# Calculating Equilibrium Constant from Cell Potential at Nonstandard Temperature

I'm currently working on a problem for a general chemistry class.
This is the voltaic cell given in the problem: $$\ce{Sn^4+(aq) + Cu(s) -> Sn^2+(aq) + Cu^2+(aq)}$$
$$E^\circ_{cell} = \pu{-0.21 V}$$ What is the value of the equilibrium constant at $$\pu{115 ^\circ C}$$?

For this I'm using this equation $$-nFE^\circ_{cell} = RT\log(K)$$ Plugging this into the equation:
$$(\pu{2 mol e^-})(\pu{96500 C}/\pu{mol e^-})(\pu{-0.21 V}) = (\pu{8.314 J/molK})(\pu{388 K})\log(K)$$ I get a value of $$K = 3.49 \times 10^{-6}$$ However, my instructor's solution is using this equation $$- E^\circ_{cell} = (0.0592/n)\log(K)$$ and gets a value of $$8.04276 \times 10^{-8}$$.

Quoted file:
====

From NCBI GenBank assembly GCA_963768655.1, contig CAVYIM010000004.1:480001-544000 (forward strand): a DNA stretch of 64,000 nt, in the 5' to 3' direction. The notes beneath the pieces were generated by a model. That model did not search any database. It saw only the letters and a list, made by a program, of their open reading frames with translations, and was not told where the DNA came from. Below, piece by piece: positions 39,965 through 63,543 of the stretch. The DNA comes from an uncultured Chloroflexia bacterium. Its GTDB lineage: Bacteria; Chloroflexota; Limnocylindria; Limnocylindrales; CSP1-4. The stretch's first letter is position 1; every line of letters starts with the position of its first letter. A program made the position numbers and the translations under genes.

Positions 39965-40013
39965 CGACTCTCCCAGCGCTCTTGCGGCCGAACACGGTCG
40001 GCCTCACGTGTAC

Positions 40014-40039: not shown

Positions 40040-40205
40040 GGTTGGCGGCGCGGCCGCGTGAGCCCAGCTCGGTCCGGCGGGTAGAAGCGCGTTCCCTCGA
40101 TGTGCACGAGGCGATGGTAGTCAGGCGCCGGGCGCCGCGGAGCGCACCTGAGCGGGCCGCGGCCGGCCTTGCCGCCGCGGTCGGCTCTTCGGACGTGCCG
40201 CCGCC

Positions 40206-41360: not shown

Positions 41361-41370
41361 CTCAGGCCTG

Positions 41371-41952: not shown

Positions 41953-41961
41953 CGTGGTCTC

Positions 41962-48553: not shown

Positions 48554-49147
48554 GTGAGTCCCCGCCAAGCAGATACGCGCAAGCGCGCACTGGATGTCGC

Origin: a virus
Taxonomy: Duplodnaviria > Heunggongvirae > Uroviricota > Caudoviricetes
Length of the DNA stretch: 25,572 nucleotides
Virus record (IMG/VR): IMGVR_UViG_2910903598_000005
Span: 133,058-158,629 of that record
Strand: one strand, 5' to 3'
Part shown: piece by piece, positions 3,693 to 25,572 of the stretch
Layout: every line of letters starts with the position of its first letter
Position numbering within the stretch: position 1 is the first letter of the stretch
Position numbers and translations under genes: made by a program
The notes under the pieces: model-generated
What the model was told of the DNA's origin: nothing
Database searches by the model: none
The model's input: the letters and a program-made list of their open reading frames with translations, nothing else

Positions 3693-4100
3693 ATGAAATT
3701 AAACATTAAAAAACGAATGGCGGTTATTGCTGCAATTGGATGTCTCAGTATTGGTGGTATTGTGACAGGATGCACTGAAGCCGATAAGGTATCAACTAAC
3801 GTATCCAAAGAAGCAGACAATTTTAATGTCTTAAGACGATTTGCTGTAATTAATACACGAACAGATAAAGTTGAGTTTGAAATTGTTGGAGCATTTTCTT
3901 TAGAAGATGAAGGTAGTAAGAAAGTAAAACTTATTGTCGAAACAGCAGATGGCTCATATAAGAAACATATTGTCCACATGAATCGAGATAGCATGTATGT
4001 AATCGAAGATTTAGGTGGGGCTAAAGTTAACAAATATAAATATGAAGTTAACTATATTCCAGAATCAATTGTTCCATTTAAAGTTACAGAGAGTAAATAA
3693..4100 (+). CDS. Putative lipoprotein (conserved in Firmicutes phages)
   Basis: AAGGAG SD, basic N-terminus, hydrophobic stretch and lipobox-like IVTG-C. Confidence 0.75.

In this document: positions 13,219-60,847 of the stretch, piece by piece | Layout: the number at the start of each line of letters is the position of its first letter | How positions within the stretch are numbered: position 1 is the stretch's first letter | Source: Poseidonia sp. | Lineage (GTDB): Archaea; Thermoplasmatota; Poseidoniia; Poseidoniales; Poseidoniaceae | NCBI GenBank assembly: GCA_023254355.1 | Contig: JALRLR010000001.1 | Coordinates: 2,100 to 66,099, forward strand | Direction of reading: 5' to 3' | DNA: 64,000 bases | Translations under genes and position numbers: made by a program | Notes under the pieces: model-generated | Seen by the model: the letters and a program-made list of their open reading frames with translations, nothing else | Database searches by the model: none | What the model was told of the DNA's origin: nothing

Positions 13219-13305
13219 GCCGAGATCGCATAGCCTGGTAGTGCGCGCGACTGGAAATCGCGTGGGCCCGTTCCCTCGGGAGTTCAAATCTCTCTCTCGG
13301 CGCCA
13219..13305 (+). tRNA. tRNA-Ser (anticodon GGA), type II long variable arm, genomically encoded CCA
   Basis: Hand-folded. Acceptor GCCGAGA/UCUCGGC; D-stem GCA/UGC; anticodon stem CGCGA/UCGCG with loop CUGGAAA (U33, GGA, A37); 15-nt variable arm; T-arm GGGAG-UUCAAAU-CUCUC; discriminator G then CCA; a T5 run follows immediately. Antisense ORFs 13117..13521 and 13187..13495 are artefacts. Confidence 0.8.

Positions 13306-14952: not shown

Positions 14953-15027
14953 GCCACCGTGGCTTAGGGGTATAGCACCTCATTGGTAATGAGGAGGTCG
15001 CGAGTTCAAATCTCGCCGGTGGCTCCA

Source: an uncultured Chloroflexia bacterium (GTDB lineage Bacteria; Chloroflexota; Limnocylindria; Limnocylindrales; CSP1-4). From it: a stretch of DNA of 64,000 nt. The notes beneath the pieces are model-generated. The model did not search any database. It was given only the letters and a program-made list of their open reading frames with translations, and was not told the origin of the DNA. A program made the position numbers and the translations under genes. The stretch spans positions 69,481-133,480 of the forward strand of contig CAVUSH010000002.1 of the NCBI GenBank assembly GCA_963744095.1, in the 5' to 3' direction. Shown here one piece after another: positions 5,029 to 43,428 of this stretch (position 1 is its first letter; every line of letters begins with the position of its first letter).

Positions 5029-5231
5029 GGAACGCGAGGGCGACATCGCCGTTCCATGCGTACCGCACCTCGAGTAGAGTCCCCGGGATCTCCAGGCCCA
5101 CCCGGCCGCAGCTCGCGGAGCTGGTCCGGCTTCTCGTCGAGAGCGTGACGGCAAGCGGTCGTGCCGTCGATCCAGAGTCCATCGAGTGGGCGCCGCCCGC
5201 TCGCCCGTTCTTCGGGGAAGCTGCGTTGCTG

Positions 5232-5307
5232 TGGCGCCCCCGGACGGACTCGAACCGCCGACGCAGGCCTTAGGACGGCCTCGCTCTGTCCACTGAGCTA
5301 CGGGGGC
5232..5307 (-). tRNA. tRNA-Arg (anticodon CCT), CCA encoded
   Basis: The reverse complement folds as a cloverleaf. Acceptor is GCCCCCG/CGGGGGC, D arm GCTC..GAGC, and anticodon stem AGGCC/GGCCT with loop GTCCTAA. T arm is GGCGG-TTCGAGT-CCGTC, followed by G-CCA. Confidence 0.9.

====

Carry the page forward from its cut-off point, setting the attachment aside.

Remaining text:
I thought you could only use that equation if the temperature is $$T = \pu{298 K}$$ (standard state conditions). Not sure whether I'm right or wrong about this, any insight is appreciated.

• You'd want to use the van't Hoff equation. – Buck Thorn Jul 24 '19 at 8:49
• What @Buck Thorn said is correct and works fine: I just did the calculation quick and dirty (neglecting entropy, so enthalpy is approximated as the free energy at 298.15K) and got about $1.6 x 10^{-5}$ for the equilibrium constant at 115°C. What your instructor got for the equilibrium constant is fine at 298.15K. – Ed V Jul 24 '19 at 23:21